Should I stay or should I go? This is a question that most of us will ask ourselves having started a new job. You have gone to a lot of effort in seeking out a position, you’ve applied for it, prepared for and attended interviews, handed in your notice and have tried to make a good first impression at your new workplace.
Successful companies have realised (maybe some the hard way) that it makes perfect business sense to treat the area of EHS as any other integral part of the business. EHS is no longer a separate silo on its own. In these successful companies, it is considered an equal with other departments.
It is important as a business owner to be completely aware of all potential asbestos located on your building’s property. It could have negative lasting health effects on employees and the business.
Where risk cannot be avoided, it has to be managed. This means developing an approach to identify, analyse, evaluate and control risk.
We’ve developed this cheat sheet to help you, the small business owner, learn more about cost-effective safety management tactics like risk assessment, developing a safety statement and training.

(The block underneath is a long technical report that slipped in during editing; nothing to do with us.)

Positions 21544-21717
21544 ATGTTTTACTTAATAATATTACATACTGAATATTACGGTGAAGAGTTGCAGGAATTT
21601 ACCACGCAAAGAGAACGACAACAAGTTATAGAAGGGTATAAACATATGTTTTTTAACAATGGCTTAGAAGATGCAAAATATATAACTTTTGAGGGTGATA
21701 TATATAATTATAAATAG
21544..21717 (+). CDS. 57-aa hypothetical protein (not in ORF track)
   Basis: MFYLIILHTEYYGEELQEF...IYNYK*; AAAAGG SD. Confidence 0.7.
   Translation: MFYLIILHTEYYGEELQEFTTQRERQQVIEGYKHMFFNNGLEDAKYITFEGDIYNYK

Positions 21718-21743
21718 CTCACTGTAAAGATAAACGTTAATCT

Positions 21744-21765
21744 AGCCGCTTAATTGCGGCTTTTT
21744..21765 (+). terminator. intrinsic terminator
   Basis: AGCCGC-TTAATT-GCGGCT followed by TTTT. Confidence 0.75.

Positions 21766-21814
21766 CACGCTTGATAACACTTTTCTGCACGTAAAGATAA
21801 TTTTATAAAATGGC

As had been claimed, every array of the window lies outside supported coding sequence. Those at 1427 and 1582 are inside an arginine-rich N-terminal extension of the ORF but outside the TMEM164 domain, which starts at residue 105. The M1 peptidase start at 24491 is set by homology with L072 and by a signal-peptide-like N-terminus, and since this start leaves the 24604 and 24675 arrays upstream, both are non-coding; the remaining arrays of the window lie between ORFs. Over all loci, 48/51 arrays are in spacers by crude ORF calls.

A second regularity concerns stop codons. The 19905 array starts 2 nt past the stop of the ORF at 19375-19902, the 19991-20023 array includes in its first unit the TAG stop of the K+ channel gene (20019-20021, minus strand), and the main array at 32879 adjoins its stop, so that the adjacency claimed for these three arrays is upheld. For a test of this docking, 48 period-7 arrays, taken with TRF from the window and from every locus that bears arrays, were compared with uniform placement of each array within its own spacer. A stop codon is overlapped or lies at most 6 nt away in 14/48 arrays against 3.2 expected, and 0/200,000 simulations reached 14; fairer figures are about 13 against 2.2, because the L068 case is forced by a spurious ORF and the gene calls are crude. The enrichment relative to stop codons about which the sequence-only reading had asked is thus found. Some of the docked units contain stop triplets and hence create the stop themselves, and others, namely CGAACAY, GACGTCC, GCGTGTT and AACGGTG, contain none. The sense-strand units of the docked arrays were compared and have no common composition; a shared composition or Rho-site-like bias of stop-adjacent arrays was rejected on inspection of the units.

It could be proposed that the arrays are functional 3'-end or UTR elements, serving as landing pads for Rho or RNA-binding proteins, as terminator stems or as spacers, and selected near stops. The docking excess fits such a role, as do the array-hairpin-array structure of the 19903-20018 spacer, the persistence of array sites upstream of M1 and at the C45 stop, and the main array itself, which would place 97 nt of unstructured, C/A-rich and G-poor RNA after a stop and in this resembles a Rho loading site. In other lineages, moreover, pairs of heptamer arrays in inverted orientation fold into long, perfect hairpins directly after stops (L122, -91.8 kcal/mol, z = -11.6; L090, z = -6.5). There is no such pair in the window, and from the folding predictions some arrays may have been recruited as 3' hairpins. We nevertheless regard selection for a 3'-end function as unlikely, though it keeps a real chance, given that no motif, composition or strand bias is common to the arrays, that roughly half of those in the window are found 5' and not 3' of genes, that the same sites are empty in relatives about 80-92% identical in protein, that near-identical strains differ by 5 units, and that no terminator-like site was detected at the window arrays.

Most people have heard that asbestos is dangerous, but what do they really know? Where does it come from, what exactly is it, how is it harmful and what can you do to increase awareness of the dangers of asbestos.
Whether you’re just starting with… or you’re slightly more seasoned, our best practice guide to Safety Management will serve as a helpful reference point to make sure you get the most out of your efforts!
Each year, an average of 250 workers are killed in workplace incidents in the UK and Ireland, with a further 1.2 million being non-fatally injured. Research shows that in many cases, accidents occur due to a lack of employee training
Of course, the workplace is not solely responsible for creating such high levels of mental ill health but the workplace can be a perfect breeding ground for triggers, which instigate or compound mental health difficulties.
You can never control how new staff are going to work out within your organisation but one thing you can do is give them the best possible start by creating a great induction programme.
Due to the reactionary nature of lagging indicators, they don’t make for a strong gauge for measuring overall safety and prevention. Unfortunately, they can lead managers and employees to become complacent, just because they see a low injury rate.
In recent times there has been the emergence of a new philosophy in safety which has at its heart the concept that all accidents are preventable. To promote this, schemes and programmes have been developed that use the word zero in their title.